FROM THE PRINT EDITION: Celebratory wines make the end of winter just a little more bearable
Eating & Drinking

FROM THE PRINT EDITION: Celebratory wines make the end of winter just a little more bearable


The cold, dark lingering nights of late winter may seem to offer few incentives to celebrate to the tune of French Champagne. That’s why DAVID LAWRASON recommends that you forget the champers and pop less expensive sparklers from Ontario, a province that understands cold.

Illustration by Julia Tiller

How about a flute of racy bubbly after a day on the slopes or an end-of-season skate on the canal? Or while nestling by the fire with a plate of shrimp and smoked salmon. A handful of wineries in Prince Edward County now have sparkling wine on stream and there is a growing attention in Niagara as well. The cool climate and limestone riddled soils of the Lake Ontario basin are outstanding for serious sparkling wine made from Champagne’s main grapes — pinot noir and chardonnay. (I predict Ontario will become globally famous for such wines within a generation.) Yet there is also a sense of fun and adventure at play, with new techniques (see Hinterland below), new grape varieties (see Angels Gate), new styles (Huff Vidalescco), and even new “crown cap” closures (Flat Rock). Unfortunately, acquiring these wines is not always as simple as running out to the LCBO; nor may you want to venture to the wineries themselves on a blustery winter weekend. But wineries can, and do, deliver if you order by phone or through their websites, and they would be delighted and surprised to hear from you.

$20 / Beamsville Bench / 89 points
Part of an adventurous new line of varietal bubblies by Angels Gate, this engaging sauvignon blanc successfully catches herbal sauvignon nuances among honeyed grapefruit, guava, and white flowers on the nose and palate. It’s light-bodied, frothy, and semi-sweet, but built on solid acidity. Chill well and serve with spicy canapés.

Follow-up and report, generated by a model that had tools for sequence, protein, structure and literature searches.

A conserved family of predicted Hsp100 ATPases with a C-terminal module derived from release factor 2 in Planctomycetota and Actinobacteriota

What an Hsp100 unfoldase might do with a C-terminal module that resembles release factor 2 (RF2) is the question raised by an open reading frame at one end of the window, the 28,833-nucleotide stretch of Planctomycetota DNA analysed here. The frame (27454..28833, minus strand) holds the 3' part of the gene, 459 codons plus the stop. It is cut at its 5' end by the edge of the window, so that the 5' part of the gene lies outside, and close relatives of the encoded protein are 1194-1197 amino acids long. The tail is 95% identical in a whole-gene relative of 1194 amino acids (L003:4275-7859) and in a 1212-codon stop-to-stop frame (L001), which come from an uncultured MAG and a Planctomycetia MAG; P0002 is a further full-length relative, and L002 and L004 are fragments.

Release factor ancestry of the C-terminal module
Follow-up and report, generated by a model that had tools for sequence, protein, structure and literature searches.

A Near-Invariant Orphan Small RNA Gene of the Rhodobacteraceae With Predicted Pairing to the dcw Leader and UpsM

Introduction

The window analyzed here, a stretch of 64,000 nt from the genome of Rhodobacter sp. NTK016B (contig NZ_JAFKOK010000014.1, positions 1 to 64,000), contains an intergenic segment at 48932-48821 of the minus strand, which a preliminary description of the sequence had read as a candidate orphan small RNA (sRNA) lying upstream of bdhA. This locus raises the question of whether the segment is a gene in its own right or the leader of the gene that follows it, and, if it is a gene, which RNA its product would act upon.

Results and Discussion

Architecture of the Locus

$15.95 / Prince Edward County / 85 points
This is the first sparkler from this Prince Edward County Winery. It is a tank-fermented, or cuve close, version made with pinot noir and chardonnay. It captures considerable complexity, balance, and depth for the money (reduced from $18.95 at time of review) and for the method used. There is some dried apple fruit and yeasty character, and something a bit papery and not quite fresh, as well. But this is only a nuance. It’s a decent value. Available for delivery in six-bottle cases.

$24.95 / Twenty Mile Bench / 89 points
Owner Ed Madronich petitioned for a change in VQA regulation to permit the use of crown caps in Ontario bubbly. This one has an off-dry style. It’s a generous, open-hearted bubbly with quite ripe pear fruit, mild biscuit, and honey complexity, a slightly frothy effervescence, and very good length. Keep it well chilled. LCBO 187377.

$29.95 / Niagara Peninsula / 90 points
One of the classiest pink bubblies from Ontario shows a subtle nose of fresh raspberry, icing sugar, and fresh bread — altogether like a delicate raspberry pastry. It’s light- to mid-weight and vaguely sweet, with a fine, racy effervescence and a drier, bracing finish. Very good length. LCBO 4051.